If a magazine proudly lables itself “The Economist,” you would expect that publication to understand the economic burdens of today’s youth. But when a tone deaf writer at the magazine tweets an article asking “Why aren’t millennials buying diamonds” it pretty much sums up how oblivious some can be in matters they’re supposed to be experts in.
The questionable tweet included a link to an article about how millennials just aren’t purchasing the overpriced and overrated stones like the generations before them:
“Young consumers increasingly shun the taint of conflict and exploitation, and middlemen have been hit as banks balk at gemstones’ untraceability. Laboratory-made gem diamonds, grown using a technique called chemical vapour deposition, are emerging as rivals; these near-perfect crystals bear none of the messy ethical implications of the mined stones.”
— The Economist (@TheEconomist) July 1, 2016
While I’m sure some millennials are concerned with the ethical issues involved in mining for diamonds, the main reason they steer clear of the gems is because, well, they’re a dumb investment. It’s that simple. Considering millennials are one of the first generations to be worse off than their parents, it’s no surprise that splurging on an emerald-cut monstrosity isn’t the smartest move.
Would you look at that! Turns out millennials aren’t so irresponsible after all!
But don’t take my word for it. Just take a look at the hilarious response by the very people The Economist inquired about:
See also: Why aren't the homeless driving Mercedes? Why aren't children 6ft tall? Why aren't women returning calls? https://t.co/6SduGpvvtF
— Rhys James (@rhysjamesy) July 1, 2016
Because its a great day if I can afford a McChicken https://t.co/JoDg3Oj1QT
— Jon-Austen Linch (@JonAustenLinch) July 1, 2016
It’s impossible to explain why something as simple as a misguided tweet would irk so many people in 140 characters or less, so let me try to elaborate on why The Economist is completely out of touch.
Prioritizing the ownership of gemstones while simultaneously coping with the fact that tuition for public in-state universities has risen an astonishing 296% since 1995 is beyond stupid. That’s not tuition for a fancy private school – we’re talking about tuition for what’s supposed to be the most affordable institutions in the country. That might be why student loan debt surpassed credit card debt several years ago and now amounts to a colossal $1.3 trillion.
Tuition has outpaced inflation by stunning numbers. In fact, the Star Tribune looked at the Bureau of Labor Statistics and reported back in 2014 that the inflation-adjusted cost of attendance in 2014 should’ve been just under $5,000. Instead, it was over $12,000.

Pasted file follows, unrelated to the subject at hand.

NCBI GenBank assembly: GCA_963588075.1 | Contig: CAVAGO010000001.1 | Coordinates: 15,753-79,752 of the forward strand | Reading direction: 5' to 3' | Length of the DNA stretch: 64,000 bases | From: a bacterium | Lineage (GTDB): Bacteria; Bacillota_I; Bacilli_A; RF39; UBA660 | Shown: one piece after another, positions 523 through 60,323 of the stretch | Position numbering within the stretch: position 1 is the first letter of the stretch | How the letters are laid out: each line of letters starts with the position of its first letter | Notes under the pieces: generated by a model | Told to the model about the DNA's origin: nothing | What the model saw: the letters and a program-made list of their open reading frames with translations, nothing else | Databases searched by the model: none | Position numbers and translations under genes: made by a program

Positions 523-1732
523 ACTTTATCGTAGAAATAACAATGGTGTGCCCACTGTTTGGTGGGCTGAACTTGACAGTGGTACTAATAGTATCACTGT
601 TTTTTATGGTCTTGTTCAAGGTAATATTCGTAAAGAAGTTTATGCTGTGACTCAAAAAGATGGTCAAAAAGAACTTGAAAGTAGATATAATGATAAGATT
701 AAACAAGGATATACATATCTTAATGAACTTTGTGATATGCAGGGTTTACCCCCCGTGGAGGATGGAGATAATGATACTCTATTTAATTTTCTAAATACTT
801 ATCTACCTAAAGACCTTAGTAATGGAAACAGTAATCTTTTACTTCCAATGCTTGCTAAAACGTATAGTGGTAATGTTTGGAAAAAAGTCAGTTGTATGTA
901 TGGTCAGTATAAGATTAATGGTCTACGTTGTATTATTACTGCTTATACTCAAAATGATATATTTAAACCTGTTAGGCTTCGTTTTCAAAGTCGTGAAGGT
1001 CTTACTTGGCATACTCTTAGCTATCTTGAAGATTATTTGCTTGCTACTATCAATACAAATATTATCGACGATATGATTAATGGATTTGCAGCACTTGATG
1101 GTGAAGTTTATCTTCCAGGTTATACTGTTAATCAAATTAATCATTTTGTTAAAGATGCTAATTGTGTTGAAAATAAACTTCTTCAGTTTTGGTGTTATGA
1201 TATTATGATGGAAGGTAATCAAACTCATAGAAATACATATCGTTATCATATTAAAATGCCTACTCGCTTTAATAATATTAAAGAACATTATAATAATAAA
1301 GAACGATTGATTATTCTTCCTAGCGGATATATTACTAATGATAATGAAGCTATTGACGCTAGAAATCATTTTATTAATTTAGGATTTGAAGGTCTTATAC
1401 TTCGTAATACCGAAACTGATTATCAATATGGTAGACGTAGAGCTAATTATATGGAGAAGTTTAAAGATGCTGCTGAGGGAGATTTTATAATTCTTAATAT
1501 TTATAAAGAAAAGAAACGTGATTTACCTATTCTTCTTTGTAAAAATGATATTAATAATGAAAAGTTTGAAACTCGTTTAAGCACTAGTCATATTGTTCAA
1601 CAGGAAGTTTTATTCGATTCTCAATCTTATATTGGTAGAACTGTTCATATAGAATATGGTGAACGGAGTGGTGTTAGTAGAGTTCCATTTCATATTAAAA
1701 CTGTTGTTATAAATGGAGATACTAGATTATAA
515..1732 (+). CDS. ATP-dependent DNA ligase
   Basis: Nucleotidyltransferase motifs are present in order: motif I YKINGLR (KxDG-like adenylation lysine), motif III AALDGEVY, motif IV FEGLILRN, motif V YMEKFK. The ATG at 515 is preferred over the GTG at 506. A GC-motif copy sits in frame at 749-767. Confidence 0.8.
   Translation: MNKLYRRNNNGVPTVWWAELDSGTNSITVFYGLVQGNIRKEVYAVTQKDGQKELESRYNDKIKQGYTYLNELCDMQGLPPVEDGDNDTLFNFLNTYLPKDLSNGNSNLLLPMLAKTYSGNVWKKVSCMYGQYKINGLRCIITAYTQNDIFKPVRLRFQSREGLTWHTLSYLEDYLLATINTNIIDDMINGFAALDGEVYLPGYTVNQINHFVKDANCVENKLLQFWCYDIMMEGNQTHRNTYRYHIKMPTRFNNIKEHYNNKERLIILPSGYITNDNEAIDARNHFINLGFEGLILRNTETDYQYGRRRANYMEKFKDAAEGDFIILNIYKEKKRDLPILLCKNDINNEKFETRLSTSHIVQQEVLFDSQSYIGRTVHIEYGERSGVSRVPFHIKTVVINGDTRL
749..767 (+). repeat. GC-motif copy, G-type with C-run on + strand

When crippling student loan debt is coupled with severe underemployment and stagnant wages, something as nonsensical as jewelry isn’t, and shouldn’t be, on a millennial’s radar. The unemployment rate for young people was a whopping 18 percent in 2010. From 2008 to 2013, wages fell for millennials and millennials only.
Before I get the obligatory comments about how we’re all lazy assholes who mistakenly majored in nonsense, keep this in mind: we’re the most educated generation with the largest percentage of people either with a degree or currently enrolled in college.
We’re not all studying women’s studies or Greek mythology either. There’s been a trend of lawyers graduating from prestigious law schools, passing the bar, and not finding any work. Americans specializing in STEM jobs are getting replaced by cheaper foreign employees with H-1B visas. Then there’s the constant outsourcing of jobs to countries like India and China.
All these economic issues are forcing my peers to hold off on everything from moving out of their parent’s home to having children. This is not a sob story, but rather the real explanation for why we don’t give a shit about how many carats of carbon we can embellish our fingers with.
Donald Trump is citing his score on a routine cognitive test as proof he can solve the North Korea crisis better than Obama
In an interview with Reuters on Wednesday, Donald Trump brought up his score on the Montreal Cognitive Assessment as proof he is mentally capable of solving the escalating North Korea crisis.
According to Reuters, Trump blamed the tensions on the actions of his predecessors, Barack Obama, George W. Bush and Bill Clinton, and said prior administrations “all realized they were going to have to leave it to a president that scored the highest on tests.”
Right-wing preacher justifies Trump’s Access Hollywood tape as God’s work
How do the same evangelicals who incessantly force-feed us their morals and family values manage to overwhelmingly support someone like Donald Trump? Especially when he gets caught on tape discussing how he moves in on women "like a bitch" and how he enjoys the occasional spontaneous pussy grab.
How exactly did white evangelicals reconcile Trump’s inability to resist desires of the flesh to the point where 80 percent voted for him?
Trump reverses protections for Americans with crippling student loan debt
One of the biggest obstacles to a healthy U.S. economy continues to be student loan debt, which an increasing number of people are defaulting on. Millions of people had not made a payment on $137 billion in federal student loans for at least nine months in 2016. That’s a 14 percent increase in defaults from the previous year.
So what was Trump’s response to the the already grotesque $1.2 trillion problem? He threw out what little protection borrowers had against shady debt collectors.
Around 8 million people are currently defaulting on their student loan debt. Just under half of those people took out loans through the discontinued Federal Family Education Loan Program. The program insured and subsidized loans from private lenders.